We’ve talked about exploration, combat, and graphics and not even mentioned the story. For a reason. Once again, the story of “Final Fantasy XIII-2” is defiantly goofy. I know that sounds like sacrilege to fans of this franchise, but I just couldn’t care about the saga of Serah and Noel on their journey through time. The story this time feels particularly juvenile. Sure, there are gigantic, grotesque creatures to battle but you’ll do so in your cutest outfit with your pet kitty by your side. The story has dark touches for sure but it all feels like it’s been filtered through a teenage Japanese girl. The story never grabbed me, which is odd given the preponderance of cut scenes and dialogue. Rarely have I played an RPG this much where I was skipping through dialogue to get back to the combat but that’s the case with “Final Fantasy XIII-2.”

Final Fantasy XIII-2
Final Fantasy XIII-2
Photo credit: Square Enix

“Final Fantasy XIII-2” opens with some violent, intense scenes between heroine Lightning and a villain named Caius at Valhalla. In the middle of some chaotic action, a young hero named Noel lands in this seemingly-desolate place. Lightning asks Noel to travel through time and find her sister Serah. The game flashes to Serah and Noel, who you can alternate control over, and they travel through various spots in time on their way back to Valhalla. The player can constantly jump back to the timeline, restarting the area they have just explored and correcting perceived errors. In other words, the game rewards the devoted; the people willing to put in hours to “get it right.” Unlike a lot of “FF” games, only two playable characters (Serah & Noel) and their animal allies are playable and the story feels particularly thin when one considers the deep devotion of the fan base of this series.

“Final Fantasy XIII-2” is a deep game in unique ways other than story. It encourages exploration not just for an increased game completion percentage numbers but for success in combat. Find the animal ally that your friend couldn’t find and more easily win a battle. Of course, it has all the customization one would expect from which ally to take into combat to paradigms to equipment to buy and equip. The story is thin and I found I never cared about the characters, which is enough reason for a point off the final score, but everything else about this game works — it’s beautiful, perfectly-designed, and features a clever, addictive combat system. I wonder if fans of the last “FF XIII” game will now forgive the flaws of the last title or miss the deeper story of that game. Being a “casual” fan of “Final Fantasy,” I like ‘em both. Blasphemy, I know.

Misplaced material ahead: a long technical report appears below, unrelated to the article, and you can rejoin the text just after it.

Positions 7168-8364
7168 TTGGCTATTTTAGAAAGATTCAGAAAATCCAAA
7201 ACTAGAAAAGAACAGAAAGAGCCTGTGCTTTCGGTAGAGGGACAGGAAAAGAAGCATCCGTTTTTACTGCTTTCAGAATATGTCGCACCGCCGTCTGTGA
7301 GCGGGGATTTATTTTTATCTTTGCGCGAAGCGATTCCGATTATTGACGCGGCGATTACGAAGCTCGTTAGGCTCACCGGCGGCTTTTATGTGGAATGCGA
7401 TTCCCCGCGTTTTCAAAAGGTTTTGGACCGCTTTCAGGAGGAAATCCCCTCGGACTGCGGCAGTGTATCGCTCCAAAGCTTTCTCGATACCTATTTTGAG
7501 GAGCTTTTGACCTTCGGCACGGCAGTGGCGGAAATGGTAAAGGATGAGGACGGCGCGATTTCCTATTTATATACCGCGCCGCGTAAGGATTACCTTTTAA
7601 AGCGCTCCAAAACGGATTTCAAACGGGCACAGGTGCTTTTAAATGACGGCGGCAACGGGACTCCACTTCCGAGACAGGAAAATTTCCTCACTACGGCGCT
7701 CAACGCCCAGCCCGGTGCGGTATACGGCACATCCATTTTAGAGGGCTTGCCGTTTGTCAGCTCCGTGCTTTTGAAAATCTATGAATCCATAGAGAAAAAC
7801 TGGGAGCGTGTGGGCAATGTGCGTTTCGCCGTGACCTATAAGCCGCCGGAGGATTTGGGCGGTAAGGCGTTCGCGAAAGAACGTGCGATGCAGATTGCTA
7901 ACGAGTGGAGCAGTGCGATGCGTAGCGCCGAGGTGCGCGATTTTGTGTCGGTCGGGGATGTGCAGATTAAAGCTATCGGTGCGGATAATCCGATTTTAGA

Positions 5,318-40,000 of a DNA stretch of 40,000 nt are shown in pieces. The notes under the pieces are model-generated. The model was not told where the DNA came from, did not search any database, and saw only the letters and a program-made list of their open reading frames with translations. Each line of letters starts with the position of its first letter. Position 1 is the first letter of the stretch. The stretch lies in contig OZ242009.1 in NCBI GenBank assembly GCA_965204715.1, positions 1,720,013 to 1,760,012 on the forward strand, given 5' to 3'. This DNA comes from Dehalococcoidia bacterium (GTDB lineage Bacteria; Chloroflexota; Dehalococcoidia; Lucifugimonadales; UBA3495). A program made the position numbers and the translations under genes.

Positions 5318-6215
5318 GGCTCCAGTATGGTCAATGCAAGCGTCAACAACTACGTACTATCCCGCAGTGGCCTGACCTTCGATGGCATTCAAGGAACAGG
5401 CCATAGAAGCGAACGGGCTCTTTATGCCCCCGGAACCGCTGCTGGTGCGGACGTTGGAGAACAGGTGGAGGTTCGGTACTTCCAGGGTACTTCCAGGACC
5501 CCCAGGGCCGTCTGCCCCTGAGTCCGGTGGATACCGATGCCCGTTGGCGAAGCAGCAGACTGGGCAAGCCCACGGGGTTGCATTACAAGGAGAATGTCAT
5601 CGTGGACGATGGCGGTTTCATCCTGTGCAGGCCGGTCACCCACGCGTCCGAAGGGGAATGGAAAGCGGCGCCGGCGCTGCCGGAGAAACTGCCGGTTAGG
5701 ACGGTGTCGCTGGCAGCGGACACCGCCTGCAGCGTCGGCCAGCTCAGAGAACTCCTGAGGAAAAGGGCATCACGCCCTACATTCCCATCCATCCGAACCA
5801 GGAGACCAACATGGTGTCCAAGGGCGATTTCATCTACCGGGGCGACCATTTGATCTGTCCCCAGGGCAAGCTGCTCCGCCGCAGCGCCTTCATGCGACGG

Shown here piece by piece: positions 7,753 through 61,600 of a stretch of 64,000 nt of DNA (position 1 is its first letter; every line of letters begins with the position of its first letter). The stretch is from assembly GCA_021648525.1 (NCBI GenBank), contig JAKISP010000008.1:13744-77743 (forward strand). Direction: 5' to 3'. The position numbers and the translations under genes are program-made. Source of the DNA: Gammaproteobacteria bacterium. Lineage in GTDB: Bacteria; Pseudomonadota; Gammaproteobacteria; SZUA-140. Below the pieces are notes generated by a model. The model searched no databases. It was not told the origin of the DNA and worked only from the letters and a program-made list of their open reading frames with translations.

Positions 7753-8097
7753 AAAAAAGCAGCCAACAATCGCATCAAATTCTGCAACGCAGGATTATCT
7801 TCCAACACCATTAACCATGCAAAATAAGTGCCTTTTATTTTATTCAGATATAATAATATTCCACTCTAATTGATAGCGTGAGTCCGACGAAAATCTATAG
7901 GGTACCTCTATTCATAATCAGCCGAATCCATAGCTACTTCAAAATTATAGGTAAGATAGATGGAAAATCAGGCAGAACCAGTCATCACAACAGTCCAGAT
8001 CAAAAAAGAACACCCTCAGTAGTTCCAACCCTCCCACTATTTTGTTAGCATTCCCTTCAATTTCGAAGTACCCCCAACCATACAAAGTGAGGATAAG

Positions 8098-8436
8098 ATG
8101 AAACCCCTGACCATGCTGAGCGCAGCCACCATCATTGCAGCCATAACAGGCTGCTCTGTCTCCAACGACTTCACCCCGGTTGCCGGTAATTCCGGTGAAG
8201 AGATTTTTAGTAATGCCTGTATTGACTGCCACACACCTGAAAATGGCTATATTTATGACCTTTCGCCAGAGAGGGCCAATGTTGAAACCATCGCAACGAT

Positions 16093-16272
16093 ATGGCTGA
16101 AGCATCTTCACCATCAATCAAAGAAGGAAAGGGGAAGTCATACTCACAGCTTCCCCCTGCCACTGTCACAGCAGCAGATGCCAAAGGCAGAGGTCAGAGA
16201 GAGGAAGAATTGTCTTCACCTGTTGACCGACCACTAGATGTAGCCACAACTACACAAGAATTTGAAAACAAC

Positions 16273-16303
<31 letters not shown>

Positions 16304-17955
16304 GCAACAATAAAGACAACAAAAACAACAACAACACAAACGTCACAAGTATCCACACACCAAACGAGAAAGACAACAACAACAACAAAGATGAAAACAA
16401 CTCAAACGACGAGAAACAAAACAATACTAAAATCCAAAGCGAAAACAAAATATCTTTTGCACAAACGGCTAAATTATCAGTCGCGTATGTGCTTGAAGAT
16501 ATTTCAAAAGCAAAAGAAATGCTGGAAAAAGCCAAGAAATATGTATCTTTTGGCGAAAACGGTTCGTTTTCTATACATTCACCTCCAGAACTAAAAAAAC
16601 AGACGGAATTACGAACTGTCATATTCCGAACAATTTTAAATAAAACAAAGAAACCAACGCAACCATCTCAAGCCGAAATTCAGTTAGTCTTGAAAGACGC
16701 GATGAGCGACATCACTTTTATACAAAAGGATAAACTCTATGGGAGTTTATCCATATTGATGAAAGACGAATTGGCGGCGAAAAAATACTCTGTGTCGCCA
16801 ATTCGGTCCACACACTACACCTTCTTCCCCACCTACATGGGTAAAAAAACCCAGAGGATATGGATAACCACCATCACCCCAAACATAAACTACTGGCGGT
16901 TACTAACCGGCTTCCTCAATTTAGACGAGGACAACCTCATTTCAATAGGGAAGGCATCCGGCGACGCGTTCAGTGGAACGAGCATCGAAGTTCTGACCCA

“Final Fantasy XIII-2” was developed and released by Square Enix on January 31st, 2012. It was reviewed for the Xbox 360 but the title is also available for the PS3. It is rated T (Teen). content director Brian Tallerico

Content Director

User Login

Free Giveaway Mailing


  • Yellowstone, Season 5

    CHICAGO – Patrick McDonald of audio streaming series review for “Yellowstone,” the popular Western series set in modern Montana … in Season 5. Available to stream on the Paramount Network and through Video On Demand beginning November 13th.

  • Paranormal Activity: The Ultimate Chills Collection

    CHICAGO – Patrick McDonald of appears on Eddie Volkman Show with Hannah B on Star 96.7 WSSR-FM (Joliet, IL) reviewing the new Paramount Pictures Blu-Ray Collection of “Paranormal Activity: The Ultimate Chills Collection,” containing all seven films in the series plus a documentary.

Advertisement on Twitter

archive Top Ten Discussions